Further there is no felony modification laws that I am aware of. As long as the vehicle is street legal just about anything goes. And if its not street legal its merely an infraction and a fix-it-ticket.

Re:Rich people don't like to go slow? (0)

Anonymous Coward | more than 2 years ago | (#40641329)

There is a correlation between wealth and speeding infractions.

http://abcnews.go.com/US/story?id=96698#.UABqtPVH1yY

Re:Rich people don't like to go slow? (0)

Anonymous Coward | more than 2 years ago | (#40641345)

10%? Apparently you don't drive in CT. It is more like 30% on my morning commute.

Furthermore (0)

Anonymous Coward | more than 2 years ago | (#40641403)

Truly rich people -- meaning financially independent -- have all the time in the world. So if being rich has any correlation with driving speed, I'd put my money (pun intended) on them going slower than the average peon.

(No, I'm not rich myself.)

Re:Rich people don't like to go slow? (5, Insightful)

csubi (950112) | more than 2 years ago | (#40641537)

as a lot of people enjoy driving

I guess you speak of the 17-25 age group. Because I really don't know many working age adults who enjoy driving their daily commute on congested highways.

Re:Rich people don't like to go slow? (5, Interesting)

Anonymous Coward | more than 2 years ago | (#40641695)

Oh please, I'm in my 40s and I love driving. Its very therapeutic. Then again my daily commute is opposite traffic and there are multiple back roads alternatives if I need them.

Re:Rich people don't like to go slow? (5, Interesting)

drouse (34156) | more than 2 years ago | (#40641575)

I could see people wanting the laws for autonomous vehicles to follow the laws for aircraft -- where parts and software have to be certified and it is illegal to use non-certified or modified parts. That path would make autonomous vehicles a lot more expensive (and have fewer "toy" features).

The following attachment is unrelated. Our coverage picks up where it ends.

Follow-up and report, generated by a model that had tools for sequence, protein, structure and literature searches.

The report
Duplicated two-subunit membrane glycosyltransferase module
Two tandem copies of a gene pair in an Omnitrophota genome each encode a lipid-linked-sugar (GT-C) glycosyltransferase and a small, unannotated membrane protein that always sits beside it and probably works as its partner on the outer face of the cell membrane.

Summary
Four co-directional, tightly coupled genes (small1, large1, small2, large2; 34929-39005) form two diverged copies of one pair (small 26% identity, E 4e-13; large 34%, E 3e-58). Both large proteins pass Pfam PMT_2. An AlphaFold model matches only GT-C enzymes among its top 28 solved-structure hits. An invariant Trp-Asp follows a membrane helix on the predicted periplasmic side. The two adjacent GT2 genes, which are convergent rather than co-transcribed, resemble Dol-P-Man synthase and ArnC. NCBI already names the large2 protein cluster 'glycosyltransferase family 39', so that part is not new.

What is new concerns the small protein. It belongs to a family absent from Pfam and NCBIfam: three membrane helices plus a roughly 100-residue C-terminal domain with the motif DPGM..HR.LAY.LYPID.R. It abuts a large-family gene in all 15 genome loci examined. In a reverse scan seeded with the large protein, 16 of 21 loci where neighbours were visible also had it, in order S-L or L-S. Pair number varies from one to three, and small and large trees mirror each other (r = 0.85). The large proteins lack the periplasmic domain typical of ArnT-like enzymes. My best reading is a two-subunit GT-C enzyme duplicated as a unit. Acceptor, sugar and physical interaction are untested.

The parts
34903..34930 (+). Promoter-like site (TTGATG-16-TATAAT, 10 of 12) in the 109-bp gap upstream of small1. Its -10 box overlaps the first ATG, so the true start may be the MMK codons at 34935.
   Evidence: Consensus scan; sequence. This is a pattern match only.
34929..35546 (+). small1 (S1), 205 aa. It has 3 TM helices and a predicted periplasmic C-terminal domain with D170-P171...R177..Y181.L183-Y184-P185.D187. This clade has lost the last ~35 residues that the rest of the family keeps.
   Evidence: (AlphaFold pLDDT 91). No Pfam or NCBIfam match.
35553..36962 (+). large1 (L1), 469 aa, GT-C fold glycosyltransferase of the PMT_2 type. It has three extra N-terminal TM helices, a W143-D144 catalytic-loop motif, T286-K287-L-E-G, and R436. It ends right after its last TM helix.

http://en.wikipedia.org/wiki/Parts_Manufacturer_Approval [wikipedia.org]

I think the real problem with autonomous vehicles is that there is a sizable percentage of people who would "bully" them. You know the thing is going to give you the right of way and slow down to keep a safe distance, so why not cut in front of them, etc. Then who wants a car with a pushover as an automatic pilot? But what lawyer would okay even a slightly aggressive autopilot?

I'd say autonomous vehicles would be great for taxis in cities with large, dense urban areas ... but the taxi companies would fight that I think (unless they decided they could replace all the drivers with minimum wage button pushers).

Maybe they would be big in Japan :-)

Re:Rich people don't like to go slow? (1)

mapkinase (958129) | more than 2 years ago | (#40641675)

>The normal speed of traffic is 10% over the limit

Not at 55mph highways. Anybody driving below 70mph on the road is considered rightfully as an obstacle.

During traffic hours there is a short period of time (in the beginning) where traffic is saturated and reaching traffic speeds of 75 mph. At this time cops have enough common sense to interrupt it by even mere appearance on the road. This is a blessed time.

Re:Rich people don't like to go slow? (0)

Anonymous Coward | more than 2 years ago | (#40641713)

As long as the vehicle is street legal

All that means here in Minnesota is the following:

1) vehicle has required by MNDOT safety equipment (seat belts, lights, windshield/wipers, etc)
2) vehicle has required by MNDOT registration of ownership in cab (vehicle title, usually in glove box)
3) vehicle has required by MNDOT license plates with properly affixed registration tabs
4) vehicle has required by State Law insurance policy (I think no-fault is the basic requirement here)

Your vehicle can pretty much be anything as long as it meets those prerequisites for sharing a public roadway. Notice how this will cover most if not all "kit" cars, motorcycles, buggies, hot-rods, etc. Here in Minnesota (at least in the Minneapolis area) "street legal" was a colloquial term that implied your lack of knowledge of cars. Usually when used it denotes a common misunderstanding that a car with "too much" horsepower is illegal to drive.